Author George Rhoades newest book, “Musings from Cowboy Country” is more than just a poetry book
George Rhoades has been writing professionally for a long time – yes, a really long time. With “Musings from Cowboy Country” – his third poetry book, Rhoades’ pens reflections that are more than just random thoughts.
Reading his newest book is like peeking into the journal of someone who has more stories to share than there are days to write them. Imbued with humor, some serious contemplations, Rhoades, already a seasoned award-winning writer, continues to produce work worth mentioning.
A favorite is “May of 1945” and shares the story, with great details, of a family memory.
Here’s an excerpt:
“I found the old newspaper
In the jar, crumbling,
Where my Dad left it
In May of 1945.
I was 9 years old then,
We lived on a ranch
In southern Oklahoma
Back in May of 1945.”
There’s 14 more stanzas.
Rhoades’ poem “May of 1945” is a solemn reminder of the fact that no matter who you are, cowboy or not, or where you live – certain events in history impact you.
Not everyone knows how to tell their story, but thanks to Rhoades and his writing, the stories live to tell us.
Rhoades is author of Along the Chisholm Trail and Other Poems, and After the Chisholm. He is winner of the IBPA Benjamin Franklin Award, Will Rogers Gold and Bronze Medallions, and finalist in contests like the Western Music Association Poetry Book. He was born on a farm in Cotton County, Oklahoma. Work titles over the years: rancher, reporter/editor for UPI and
Oklahoma newspapers; and college journalism professor. He says this may be his last book.
Autographed copies of
Musings from Cowboy Country, and his other two books are all available in our gift shop.
‘Real Cowboys’ exhibit retires
May 17, 2019
In January 2015, the Chisholm Trail Heritage Center generated a call requesting stories and photos of “Real Cowboys on the Chisholm Trail.” That exhibit was scheduled to close at the end of 2018, but many visitors enjoyed reading the stories and looking at the photos. We finally retired the exhibit May 16, 2019, but, those stories and images will be permanently exhibited through our blog here on the website.
An advantage is we can now share the full stories that were edited for the physical display because of space. Edited versions of the stories and photos were displayed on the wall outside the Campfire Theater.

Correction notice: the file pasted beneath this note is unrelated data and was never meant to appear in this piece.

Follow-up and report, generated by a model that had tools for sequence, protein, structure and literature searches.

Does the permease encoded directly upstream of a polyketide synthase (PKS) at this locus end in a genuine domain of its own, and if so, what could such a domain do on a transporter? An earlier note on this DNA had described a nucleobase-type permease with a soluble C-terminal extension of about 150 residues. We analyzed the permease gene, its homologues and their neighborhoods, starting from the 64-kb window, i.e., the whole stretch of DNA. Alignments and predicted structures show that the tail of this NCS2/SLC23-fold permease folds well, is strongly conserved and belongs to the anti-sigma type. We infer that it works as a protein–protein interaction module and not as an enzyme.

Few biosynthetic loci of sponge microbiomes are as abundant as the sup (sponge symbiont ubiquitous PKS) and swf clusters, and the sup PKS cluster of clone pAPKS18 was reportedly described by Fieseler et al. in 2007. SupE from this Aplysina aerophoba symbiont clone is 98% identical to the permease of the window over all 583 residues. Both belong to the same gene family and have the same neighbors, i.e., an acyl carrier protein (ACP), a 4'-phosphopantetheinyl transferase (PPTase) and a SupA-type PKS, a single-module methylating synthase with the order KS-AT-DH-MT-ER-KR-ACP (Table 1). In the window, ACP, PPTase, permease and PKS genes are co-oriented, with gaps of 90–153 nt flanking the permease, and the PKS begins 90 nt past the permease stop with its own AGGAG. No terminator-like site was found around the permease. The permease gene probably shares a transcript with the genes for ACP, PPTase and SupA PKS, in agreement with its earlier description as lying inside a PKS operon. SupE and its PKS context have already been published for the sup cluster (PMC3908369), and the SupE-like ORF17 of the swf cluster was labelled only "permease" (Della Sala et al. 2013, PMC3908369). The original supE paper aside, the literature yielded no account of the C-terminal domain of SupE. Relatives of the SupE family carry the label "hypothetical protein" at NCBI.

Real Cowboys came about when Don Brower visited us to share his story about his father, Bobby Wayne Brower of Duncan, who died in 2014. Don had an old undated black and white picture of his dad calf roping at a small rodeo. Don wasn’t sure but thought it was probably from the 1950s. His dad was born in Duncan in 1930 and other than service time in the United States Navy, he had lived in Duncan his entire life.
“He worked on a lot of the area ranches and while he was never a champion in the rodeo arena, he loved being a cowboy,” Don said. “He loved bull riding, bareback and calf roping.”
Executive Director Stacy Cramer Moore listened to Don’s story which sparked an idea to create an exhibit for guests to see as the Chisholm Trail 150th anniversary was approaching in 2017. She said at that time, “We are looking for people who are doing the job, living that life or lived that life. These people probably didn’t win buckles at a rodeo because they are out there working, living the cowboy life.”
Expanding upon the idea of honoring those men and women, press releases were issued to newspapers throughout Oklahoma and to those along the Chisholm Trail from Texas to Kansas. A few reporters visited to help spread the word. Eventually the stories and photos came in – most were hand delivered by individuals who had relatives that had indeed, worked along the Chisholm Trail. A few came in by email. Enough stories were generated that the exhibit was on the wall weeks ahead of its deadline – the National Day of Cowboy celebration in July 2015. More images and stories were added over the next two years.
We hope you enjoy these stories and others as we make use of this blog. Please share the blog with others and help us as we continue our mission: “To celebrate and perpetuate the history, art and culture of the Chisholm Trail, the American Cowboy and the American West.”
We will share the stories of Mike Smith, Claude Sparks, John Carlos Fisher, John Maurice Fisher, Henry B. Tussy, Larkin P. Williams, Joe Dexter Diffie and others, including Bob Klemme, in the coming weeks.